Nicea had confessed: very God and very man. Chalcedon speaks of one Person and two natures: a divine and a human nature. One and the same Lord Jesus Christ is perfect in Godhead and perfect in manhood, truly God and truly man. We acknowledge Him in two natures without confusion, without change, without division, without separation.
In contemporary Christology we see two developments, two trends, that both deviate from the confession of Nicea and Chalcedon. We could almost say the one is the trend of modern German theologians, the other of contemporary Dutch and English thinkers. Germans like Pannenberg and Moltmann (with his book, The Crucified God, 1973) in a certain manner over-emphasize the Godhead of Christ. They come close to the old heresy of theopaschitism, the heresy that God suffered and died on the cross. On the other hand, there are Dutch theologians, like P. Schoonenberg, Ellen Flesseman, and E. Schillebeeckx (with his book, Jesus: An Experiment in Christology) and English theologians like the authors of The Myth of God Incarnate. They stress the manhood of Christ and basically deny that He is God of God, Light of Light, very God of very God. Into this context, alas, also fits the Christology of Hendrikus Berkhof. He comes close to the old heresies of Adoptionism and Arianism.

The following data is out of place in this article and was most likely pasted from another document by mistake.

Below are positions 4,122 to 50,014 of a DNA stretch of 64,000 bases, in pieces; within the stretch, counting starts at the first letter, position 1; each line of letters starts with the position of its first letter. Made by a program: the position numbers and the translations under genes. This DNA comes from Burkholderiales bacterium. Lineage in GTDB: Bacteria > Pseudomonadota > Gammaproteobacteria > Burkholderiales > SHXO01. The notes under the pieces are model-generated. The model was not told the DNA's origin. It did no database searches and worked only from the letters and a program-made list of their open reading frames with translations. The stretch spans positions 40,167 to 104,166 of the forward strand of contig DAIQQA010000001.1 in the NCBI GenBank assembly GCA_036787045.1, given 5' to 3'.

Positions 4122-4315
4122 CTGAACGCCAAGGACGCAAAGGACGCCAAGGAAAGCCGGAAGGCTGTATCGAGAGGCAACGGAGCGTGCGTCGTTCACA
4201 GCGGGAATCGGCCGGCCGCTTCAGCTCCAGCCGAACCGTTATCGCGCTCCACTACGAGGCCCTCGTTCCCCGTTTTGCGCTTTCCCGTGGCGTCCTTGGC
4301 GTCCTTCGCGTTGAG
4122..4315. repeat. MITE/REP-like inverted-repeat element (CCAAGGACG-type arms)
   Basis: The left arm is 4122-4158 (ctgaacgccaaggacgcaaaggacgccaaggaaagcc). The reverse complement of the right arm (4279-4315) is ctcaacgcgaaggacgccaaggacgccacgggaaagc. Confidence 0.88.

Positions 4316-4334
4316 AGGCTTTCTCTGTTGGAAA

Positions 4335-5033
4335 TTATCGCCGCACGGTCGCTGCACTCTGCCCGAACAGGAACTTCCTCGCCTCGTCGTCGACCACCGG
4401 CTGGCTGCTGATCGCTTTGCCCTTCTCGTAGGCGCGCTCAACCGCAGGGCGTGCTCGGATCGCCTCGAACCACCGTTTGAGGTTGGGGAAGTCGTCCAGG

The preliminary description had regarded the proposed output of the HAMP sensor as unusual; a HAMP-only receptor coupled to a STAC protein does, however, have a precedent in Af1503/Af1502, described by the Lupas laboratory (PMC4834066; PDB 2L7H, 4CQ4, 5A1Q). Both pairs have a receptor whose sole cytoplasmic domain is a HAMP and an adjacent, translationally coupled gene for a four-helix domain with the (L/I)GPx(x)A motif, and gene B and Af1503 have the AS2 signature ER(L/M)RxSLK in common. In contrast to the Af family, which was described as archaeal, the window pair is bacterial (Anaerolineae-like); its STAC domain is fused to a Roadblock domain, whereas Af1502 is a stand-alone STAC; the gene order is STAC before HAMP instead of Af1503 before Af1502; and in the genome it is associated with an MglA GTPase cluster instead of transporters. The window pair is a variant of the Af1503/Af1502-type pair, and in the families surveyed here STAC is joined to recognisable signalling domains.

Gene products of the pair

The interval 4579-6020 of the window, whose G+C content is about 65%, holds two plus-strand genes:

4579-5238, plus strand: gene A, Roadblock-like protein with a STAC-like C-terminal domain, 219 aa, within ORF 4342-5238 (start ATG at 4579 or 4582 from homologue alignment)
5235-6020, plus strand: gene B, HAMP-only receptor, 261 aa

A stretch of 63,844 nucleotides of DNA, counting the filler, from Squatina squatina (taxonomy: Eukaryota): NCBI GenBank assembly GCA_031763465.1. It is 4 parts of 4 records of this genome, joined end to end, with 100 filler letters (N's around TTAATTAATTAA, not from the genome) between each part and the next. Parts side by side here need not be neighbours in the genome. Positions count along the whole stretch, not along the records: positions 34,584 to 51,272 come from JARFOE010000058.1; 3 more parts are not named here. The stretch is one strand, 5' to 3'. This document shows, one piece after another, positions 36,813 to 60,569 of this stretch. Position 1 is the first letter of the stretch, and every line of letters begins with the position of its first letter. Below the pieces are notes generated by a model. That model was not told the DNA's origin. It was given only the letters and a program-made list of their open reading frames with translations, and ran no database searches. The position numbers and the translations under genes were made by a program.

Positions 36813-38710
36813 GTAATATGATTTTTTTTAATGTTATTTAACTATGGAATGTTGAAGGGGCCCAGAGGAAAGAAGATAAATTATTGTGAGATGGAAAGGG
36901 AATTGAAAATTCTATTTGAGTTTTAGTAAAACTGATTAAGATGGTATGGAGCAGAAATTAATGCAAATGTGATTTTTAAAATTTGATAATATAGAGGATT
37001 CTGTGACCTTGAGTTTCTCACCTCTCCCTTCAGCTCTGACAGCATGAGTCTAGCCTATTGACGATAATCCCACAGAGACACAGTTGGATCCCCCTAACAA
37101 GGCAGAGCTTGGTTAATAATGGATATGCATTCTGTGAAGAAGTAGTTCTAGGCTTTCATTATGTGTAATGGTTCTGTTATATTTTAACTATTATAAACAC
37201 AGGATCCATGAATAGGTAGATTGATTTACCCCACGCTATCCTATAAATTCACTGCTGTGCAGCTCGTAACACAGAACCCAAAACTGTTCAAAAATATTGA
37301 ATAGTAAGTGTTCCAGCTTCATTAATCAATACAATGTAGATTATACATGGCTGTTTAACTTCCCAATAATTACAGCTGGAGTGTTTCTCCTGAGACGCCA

2. My second remark concerns Berkhof's contrast between the so called Biblical thought of covenant and encounter, on the one hand, and Greek ontological thought, on the other hand. This sharp contrast is unacceptable. We should not forget that Greek is also a language, and that the New Testament is written in Greek. Moreover, apostles like John and Paul were Jews, drenched in the Old Testament, and they proclaim Jesus to be the pre-existent eternal Son of God, Who, though He was rich, yet for our sake became poor (2 Cor. 8:9).
It goes without saying that the early Greek-speaking church for its confession used concepts of the Greek world; but it is remarkable how hesitant the church was to use, for example, the term homo-ousios, "being of one substance with the Father." It only used this term when, in the struggle against Arius, it became unavoidable. The same holds true for the expression "one Person and two natures." The church could not be silent; it had to confess the mystery of our religion which is great indeed: God was manifested in the flesh (I Tim. 3:16). The four negative expressions of Chalcedon are four fences put up to show the area within which the mystery lies, but at the same time they indicate the inadequacy of human formulation. The church confessed its Savior Jesus Christ "the same perfect in Godhead, the same perfect in manhood, truly God and truly man." In the words, "truly God" we confess that it is God Himself Who saved us. The world could only be redeemed by God Himself. We should consider this motif and thrust of the confessional language of the church.